TORONTO -- Prime Minister Paul Martin survived a razor-thin vote of confidence yesterday, allowing him to retain power and ending one of Canada's most dramatic political standoffs in decades.
The House of Commons split 152-to-152 on the measure that served as a confidence motion, and it took a vote by the Parliament speaker to give the minority government its one-vote victory.
''The margin of tonight's vote is very narrow -- indeed that is an understatement," said Martin. It was the first time in Canadian history that a speaker has broken a tie on a confidence vote.
''We must now move forward in a spirit of cooperation. We ask the opposition to join with us in a renewed effort to make this Parliament work for the people of Canada," he said.
Independent legislator Chuck Cadman cast a key vote when he sided with the Liberals after keeping mum for weeks about which way he would go.
Although the chamber easily passed the Liberal Party's budget, 250 to 54, an amendment to the federal document served as the test of confidence.
The House of Commons has been paralyzed for weeks, as the opposition Conservative Party has prevented business through motions to adjourn and demands that Martin resign. The opposition said a corruption scandal within Martin's Liberal Party, insisting he no longer had enough support to continue to govern.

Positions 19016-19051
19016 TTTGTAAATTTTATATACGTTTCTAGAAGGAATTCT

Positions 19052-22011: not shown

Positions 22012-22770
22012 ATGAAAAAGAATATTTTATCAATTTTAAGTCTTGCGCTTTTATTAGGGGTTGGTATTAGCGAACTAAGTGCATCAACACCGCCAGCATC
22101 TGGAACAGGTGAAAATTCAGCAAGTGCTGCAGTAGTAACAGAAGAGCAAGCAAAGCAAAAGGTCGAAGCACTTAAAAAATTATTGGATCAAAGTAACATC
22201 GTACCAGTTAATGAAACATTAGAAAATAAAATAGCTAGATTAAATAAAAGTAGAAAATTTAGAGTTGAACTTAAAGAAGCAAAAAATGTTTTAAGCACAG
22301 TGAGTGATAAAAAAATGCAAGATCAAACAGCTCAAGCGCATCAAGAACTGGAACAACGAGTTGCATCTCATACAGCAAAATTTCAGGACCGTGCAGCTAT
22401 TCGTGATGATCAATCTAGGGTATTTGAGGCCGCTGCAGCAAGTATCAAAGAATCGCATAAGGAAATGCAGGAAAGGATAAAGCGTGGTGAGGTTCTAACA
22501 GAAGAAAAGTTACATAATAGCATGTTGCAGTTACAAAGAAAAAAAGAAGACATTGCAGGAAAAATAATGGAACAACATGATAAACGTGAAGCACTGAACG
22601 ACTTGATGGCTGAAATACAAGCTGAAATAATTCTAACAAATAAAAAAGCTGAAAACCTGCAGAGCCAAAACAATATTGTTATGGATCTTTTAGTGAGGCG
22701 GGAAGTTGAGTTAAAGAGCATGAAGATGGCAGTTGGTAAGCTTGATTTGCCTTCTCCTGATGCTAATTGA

Martin is not implicated in the money-laundering scandal. Shortly after taking office in June, he launched a federal investigation into a national unity fund that allegedly allowed senior Liberals to funnel millions of dollars into their Quebec coffers.
He has pledged to call elections within 30 days of the commission's report, which is expected at the end of the year.
''While I regret this decision deeply, it has shown now more than ever the necessity for a strong, united, and principled opposition dedicated to replacing this government," said Conservative leader Stephen Harper.
Martin last week called for a motion on his proposed budget and said it would stand as an official test of confidence in his 11-month minority government. If the budget had failed, Martin would have been forced to dissolve Parliament and trigger elections, which polls have indicated Canadians do not want.
Martin's budget calls for $10.6 million to overhaul Canada's beleaguered military, so that it can play a bigger role in securing the US-Canadian border and peacekeeping efforts worldwide. It would also improve the country's antiterrorism efforts.